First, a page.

annual revenue growth of more than 100% for the past couple of years, with
tangible products and with
earnings. And this will be a decade-long upgrade cycle, because photons will continually be supplanting electrons in telecom networks."
Pressed to narrow his field of favorite stocks in the group, Jungjohann cited SDL as his No. 1 fiber-optic components play and Corvis as his top fiber-optic networking pick.
When Jungjohann initiated coverage of SDL two years ago, the stock traded at just $4. By the beginning of 2000, shares of the second-largest independent fiber-optic equipment maker were at $105, and they have since climbed to $419. Jungjohann kept a buy on the stock all along its ascent, even though other analysts began backing away from the stock earlier this year because of its high valuation. "We have been willing to pay up because the fundamentals of this business are unsurpassed," he says.
In July, JDS Uniphase, the market leader in fiber-optic components, announced a $41 billion acquisition of SDL, a transaction that CIBC is involved in. The terms of the merger are favorable for SDL's stock price, notes the analyst: "There's an 18% spread in arbitrage, plus the stock of the acquirer, JDS Uniphase, is very attractive. So buy SDL now, get that 18% upside going into the merger, and after the merger end up with a great long-term core holding in the sector, JDS Uniphase." (Jungjohann expects the deal to close by year-end.)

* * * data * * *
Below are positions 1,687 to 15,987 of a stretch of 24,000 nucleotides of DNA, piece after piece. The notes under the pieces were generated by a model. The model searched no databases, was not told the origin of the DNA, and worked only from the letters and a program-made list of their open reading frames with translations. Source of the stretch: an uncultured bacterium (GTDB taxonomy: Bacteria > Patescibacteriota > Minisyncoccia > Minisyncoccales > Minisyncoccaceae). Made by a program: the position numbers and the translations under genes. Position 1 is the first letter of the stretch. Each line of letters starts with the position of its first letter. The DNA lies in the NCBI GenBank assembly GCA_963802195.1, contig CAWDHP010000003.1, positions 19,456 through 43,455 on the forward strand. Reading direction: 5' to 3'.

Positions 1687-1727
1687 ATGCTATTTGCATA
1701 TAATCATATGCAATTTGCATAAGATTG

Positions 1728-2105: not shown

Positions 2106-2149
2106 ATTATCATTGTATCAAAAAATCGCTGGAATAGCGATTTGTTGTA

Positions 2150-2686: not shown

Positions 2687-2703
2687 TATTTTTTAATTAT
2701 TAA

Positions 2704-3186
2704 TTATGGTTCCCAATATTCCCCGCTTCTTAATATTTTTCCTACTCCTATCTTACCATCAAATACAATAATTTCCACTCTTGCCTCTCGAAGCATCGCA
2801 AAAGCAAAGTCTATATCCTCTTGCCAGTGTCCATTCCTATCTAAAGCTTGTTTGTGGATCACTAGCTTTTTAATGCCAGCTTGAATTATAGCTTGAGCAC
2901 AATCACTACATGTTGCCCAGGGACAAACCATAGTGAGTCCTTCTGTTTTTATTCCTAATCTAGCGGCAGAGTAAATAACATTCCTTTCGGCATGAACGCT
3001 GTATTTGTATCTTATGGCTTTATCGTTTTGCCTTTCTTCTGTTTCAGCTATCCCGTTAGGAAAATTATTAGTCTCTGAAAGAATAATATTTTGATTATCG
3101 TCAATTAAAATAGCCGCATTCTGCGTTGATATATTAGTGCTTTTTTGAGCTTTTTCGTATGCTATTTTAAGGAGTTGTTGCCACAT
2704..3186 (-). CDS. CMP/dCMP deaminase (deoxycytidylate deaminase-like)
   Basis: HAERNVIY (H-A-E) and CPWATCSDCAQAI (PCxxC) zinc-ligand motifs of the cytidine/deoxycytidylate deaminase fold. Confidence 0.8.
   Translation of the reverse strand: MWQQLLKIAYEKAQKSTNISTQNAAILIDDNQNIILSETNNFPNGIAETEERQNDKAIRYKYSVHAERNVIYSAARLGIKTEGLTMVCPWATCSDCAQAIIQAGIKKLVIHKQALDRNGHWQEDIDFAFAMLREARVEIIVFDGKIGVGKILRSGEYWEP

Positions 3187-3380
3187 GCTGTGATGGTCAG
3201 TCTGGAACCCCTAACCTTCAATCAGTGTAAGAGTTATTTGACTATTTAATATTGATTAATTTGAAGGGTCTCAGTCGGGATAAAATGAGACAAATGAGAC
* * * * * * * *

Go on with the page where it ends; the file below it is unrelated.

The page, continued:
Jungjohann anticipates that SDL's revenue will jump from $459 million in 2000 to $742 million in 2001. For JDS Uniphase, he predicts a doubling of revenue, from $1.38 billion in 2000 to $3.01 billion in 2001.
Jungjohann forecasts an even more stellar future for Corvis, which went public on July 28. He expects revenue to swell nearly eightfold from 2000 to 2001. (The company currently has no revenue to date, but the analyst expects it to bring in $35 million by the end of the year.) Shares of Corvis have nearly tripled since the company's IPO. What's behind the frenzy for this newly public name? Corvis, he says, offers "true next-generation, all-optical networking solutions that enable a sweeping shift in telecom network design and efficiency." Translation: In Corvis's network, signals are transmitted only by light waves, instead of a combination of light and electricity, as is typical of existing fiber-optic networks. Jungjohann notes that customers such as Qwest
have signed contracts totaling $550 million with the newly public network builder.
Institutional voters in
Analyst Rankings -- Equity 2000
commend Jungjohann's "good knowledge of his industry and trends."
Favorite stock for next 12 months:
Corvis lately trades at $90, having initiated its July 28 IPO at $36. Observes Jungjohann, "We look for Corvis' revenue to go from $35 million this year to $270 million next year based on initial deployments of optical networking equipment to telecom service providers."
Rate Their Stock Picks:
Which stock do you like best?
Geiling and Jungjohann: Corvis